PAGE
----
Perusing LinkedIn the other day a note caught my eye. It referred to advice from Professor Roger Martin on the topic of SWOT. His advice was as follows:
“Never do a SWOT analysis. And never pay attention to a SWOT analysis you happen to receive. At best, it is a waste of time. At worst, it will distract you from creating and rigorously testing your strategic logic."
He also went on to say that he hadn’t much faith in Maslow’s hierarchy of needs or PEST analysis as a strategic foundation for marketing planning.
I was taken aback by this forthright advice. In looking through the comments which followed I could see that a number of people were asking “well what should we use instead?” And others seem to think that because these frameworks have been around for a long time, they are dated and inappropriate.
It got me thinking. I wasn’t particularly impressed by those who felt that the reason for rejecting the frameworks was their age. There are theories of physics that have been around for over 300 years and are still valid. Just because theories and frameworks are old doesn’t mean to say they are wrong.
The post on LinkedIn didn’t offer Roger Martin’s alternative to the SWOT so I will try and do so here. He isn’t against frameworks; in fact he offers his own framework which he calls The Strategy Choice Cascade. It has five interrelated choices which arise from five questions:
1. What is our winning aspiration?
2. Where will we play?
3. How will we win where we have chosen to play?
4. What capabilities must be in place to win?
5. What management systems are required to ensure the capabilities are in place?
These are good questions and they require a good deal of analysis in order to arrive at answers. “What is our winning aspiration?” can’t be answered without some consideration of your competitive edge and the opportunities and threats that you face.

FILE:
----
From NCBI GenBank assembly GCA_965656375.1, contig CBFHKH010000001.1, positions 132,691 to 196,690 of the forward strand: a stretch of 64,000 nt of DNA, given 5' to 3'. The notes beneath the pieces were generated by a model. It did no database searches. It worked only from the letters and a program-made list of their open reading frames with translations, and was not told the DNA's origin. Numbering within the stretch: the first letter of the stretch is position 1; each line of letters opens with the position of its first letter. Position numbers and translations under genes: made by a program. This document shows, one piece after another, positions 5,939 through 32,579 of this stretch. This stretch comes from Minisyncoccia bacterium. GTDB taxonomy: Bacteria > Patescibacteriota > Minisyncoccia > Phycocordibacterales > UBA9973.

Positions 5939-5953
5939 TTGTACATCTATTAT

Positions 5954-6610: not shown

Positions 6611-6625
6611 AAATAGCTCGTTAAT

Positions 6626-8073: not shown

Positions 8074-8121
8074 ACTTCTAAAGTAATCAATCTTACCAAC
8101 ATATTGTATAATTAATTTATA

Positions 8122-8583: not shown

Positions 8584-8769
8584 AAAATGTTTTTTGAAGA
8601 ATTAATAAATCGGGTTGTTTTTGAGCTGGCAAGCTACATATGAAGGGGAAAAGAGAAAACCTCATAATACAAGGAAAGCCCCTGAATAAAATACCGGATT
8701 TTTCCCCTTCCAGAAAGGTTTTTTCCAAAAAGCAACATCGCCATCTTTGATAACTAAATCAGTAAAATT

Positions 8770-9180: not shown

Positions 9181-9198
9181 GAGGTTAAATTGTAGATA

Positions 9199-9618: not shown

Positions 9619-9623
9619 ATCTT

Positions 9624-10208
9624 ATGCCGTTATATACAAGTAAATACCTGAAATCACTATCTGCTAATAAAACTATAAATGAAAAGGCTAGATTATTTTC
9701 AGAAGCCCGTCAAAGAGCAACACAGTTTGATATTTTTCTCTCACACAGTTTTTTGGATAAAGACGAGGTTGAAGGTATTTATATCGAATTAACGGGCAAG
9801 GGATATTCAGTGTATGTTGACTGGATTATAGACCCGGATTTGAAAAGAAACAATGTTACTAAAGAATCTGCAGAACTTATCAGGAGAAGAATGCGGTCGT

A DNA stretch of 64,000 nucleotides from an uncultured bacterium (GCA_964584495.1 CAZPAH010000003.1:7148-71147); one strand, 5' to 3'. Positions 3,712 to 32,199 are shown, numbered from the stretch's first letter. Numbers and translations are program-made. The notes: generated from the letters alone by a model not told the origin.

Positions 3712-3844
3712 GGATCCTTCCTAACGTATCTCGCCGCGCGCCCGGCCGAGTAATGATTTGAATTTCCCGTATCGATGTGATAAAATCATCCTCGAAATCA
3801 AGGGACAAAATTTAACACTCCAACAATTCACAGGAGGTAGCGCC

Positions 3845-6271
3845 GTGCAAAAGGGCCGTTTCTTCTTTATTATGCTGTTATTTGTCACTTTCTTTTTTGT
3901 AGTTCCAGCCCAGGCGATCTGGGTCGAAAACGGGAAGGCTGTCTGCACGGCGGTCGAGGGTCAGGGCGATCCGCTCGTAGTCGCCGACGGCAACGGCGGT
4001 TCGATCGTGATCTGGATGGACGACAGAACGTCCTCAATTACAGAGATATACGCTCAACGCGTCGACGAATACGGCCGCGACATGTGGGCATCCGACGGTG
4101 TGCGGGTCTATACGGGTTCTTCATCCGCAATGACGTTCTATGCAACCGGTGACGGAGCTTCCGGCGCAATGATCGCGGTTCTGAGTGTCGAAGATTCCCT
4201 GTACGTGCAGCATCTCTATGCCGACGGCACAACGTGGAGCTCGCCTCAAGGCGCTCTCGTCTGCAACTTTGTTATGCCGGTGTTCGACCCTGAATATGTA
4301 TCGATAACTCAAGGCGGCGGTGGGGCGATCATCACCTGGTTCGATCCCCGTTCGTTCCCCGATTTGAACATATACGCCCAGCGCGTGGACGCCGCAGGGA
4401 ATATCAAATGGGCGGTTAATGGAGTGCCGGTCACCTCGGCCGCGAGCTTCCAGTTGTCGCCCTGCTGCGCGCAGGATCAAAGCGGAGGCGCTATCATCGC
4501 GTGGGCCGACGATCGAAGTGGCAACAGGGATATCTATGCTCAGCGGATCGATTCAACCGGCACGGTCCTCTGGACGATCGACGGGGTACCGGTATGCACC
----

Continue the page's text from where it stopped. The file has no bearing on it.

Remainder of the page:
Good strategic thinking comes out of asking lots of questions. What problem do we face? Where would we like our company to be? Where do we have a competitive advantage that will enable us to win in the market? What resources will we require in order to do so? The more questions you ask and the better your analysis of the situation, the greater will be your chance of developing a winning strategy.
A SWOT analysis provides a great framework for positioning a company – it generates a situation analysis if you like. Maybe Professor Martin is concerned that people dive straight into a strategy after completing a SWOT. That would be dangerous. His own framework is valid but then so are the frameworks offered by Michael Porter or The Business Model Canvas, or the Boston Consulting Group matrix. In fact if you look here on my website there are 65 frameworks that claim to help strategic thinking. These are not exhaustive. They could be used in combination with frameworks on innovation or marketing or customer behaviour. In fact, the number of frameworks available to us is so large it can be confusing. It is one reason I like a SWOT analysis. As with all the frameworks it should be undertaken thoroughly. There are at least half a dozen books showing how to do a SWOT analysis in business. A SWOT well done can be very useful in pointing to a business strategy.
Take a look at Roger Martin's framework but do keep an open mind on some of those older frameworks. They have stood the test of time and applied correctly they can be extremely useful.